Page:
Where My Peoples at? New Orleans' Bounce Rap and the Experience of Disaster

Monday, July 14, 2014: 6:15 PM
Room: Booth 48
Oral Presentation
Natalie BAKER , University of California, Irvine, New Orleans, LA
Charis KUBRIN , University of California, Irvine, Irvine, CA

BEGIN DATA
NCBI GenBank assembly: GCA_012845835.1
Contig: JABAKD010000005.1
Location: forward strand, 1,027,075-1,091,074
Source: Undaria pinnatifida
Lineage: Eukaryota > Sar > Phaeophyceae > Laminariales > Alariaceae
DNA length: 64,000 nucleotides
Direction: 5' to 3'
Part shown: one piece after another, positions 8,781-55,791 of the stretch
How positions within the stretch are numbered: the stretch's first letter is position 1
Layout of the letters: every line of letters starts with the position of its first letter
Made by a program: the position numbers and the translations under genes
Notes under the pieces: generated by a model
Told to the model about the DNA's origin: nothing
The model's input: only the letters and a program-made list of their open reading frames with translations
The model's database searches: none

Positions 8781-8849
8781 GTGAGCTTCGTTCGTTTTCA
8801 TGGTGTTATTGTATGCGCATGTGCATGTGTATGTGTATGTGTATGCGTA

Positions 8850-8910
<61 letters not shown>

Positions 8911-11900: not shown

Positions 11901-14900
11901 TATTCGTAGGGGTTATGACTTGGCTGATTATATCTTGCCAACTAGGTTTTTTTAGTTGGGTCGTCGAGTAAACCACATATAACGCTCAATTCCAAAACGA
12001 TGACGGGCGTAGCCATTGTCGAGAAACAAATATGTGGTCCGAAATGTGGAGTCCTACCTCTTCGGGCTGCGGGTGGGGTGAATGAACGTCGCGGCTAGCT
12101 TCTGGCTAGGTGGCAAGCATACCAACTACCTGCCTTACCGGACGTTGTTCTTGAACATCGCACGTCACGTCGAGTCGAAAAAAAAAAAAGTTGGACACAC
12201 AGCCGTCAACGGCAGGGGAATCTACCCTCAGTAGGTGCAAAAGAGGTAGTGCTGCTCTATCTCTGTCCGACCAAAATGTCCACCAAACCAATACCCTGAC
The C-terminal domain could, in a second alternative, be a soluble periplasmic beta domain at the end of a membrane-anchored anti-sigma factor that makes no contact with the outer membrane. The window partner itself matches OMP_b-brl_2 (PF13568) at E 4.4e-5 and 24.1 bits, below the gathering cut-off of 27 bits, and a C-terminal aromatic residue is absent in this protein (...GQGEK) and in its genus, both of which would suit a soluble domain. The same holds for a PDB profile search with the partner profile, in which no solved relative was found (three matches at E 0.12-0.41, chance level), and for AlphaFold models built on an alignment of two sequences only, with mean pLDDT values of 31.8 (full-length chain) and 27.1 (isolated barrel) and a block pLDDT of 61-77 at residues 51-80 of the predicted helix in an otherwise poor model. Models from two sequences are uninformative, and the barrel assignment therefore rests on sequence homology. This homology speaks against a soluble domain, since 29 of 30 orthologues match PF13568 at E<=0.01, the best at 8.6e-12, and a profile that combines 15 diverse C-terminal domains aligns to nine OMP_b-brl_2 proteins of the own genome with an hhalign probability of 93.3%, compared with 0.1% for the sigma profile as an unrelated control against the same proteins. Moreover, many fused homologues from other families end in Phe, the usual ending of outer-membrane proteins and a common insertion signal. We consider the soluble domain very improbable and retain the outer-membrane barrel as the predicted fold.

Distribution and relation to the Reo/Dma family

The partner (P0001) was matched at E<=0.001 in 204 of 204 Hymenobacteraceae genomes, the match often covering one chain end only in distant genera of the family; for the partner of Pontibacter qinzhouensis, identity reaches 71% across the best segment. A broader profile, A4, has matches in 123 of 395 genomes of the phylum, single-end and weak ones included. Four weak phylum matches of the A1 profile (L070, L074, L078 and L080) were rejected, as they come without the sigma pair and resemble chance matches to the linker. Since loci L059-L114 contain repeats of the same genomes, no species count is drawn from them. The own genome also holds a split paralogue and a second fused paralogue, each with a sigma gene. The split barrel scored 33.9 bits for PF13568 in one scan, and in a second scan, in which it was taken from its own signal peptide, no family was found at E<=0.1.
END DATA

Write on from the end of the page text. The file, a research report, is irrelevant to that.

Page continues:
The connection between place and cultural expressions, such as music, is well established by scholars. This is particularly true for New Orleans where multiple forms of music like jazz and brass bands are thought to be both unique to the city and representative of social conditions there. While there have been a number of studies on the importance of New Orleans African American musical practices, little attention has been paid to those native to the city’s most disenfranchised areas. Bounce rap is ‘New Orleans project music’ and is a patently local form of expression that gives voice to life in very poor areas of the city. Since Katrina, numerous housing projects, home to many bounce artists and audiences, have been torn down and replaced with mixed-income developments. Largely lauded as a positive move, the loss of the projects is not without consequence and has further disrupted long-standing communities that were dispersed by the storm. Many residents, including local musicians, remain displaced. Little is known about what bounce rap music demonstrates about the artist’s perspectives of life before and after Katrina. We examine this issue through a thematic content analysis of pre-and-post Katrina bounce rap music lyrics. The research addresses what bounce music, as a reflection of life in New Orleans, reveals about changes in the social structures of low-income black neighborhoods of the city. We also discuss if and how this significant cultural practice has been transformed by the storm.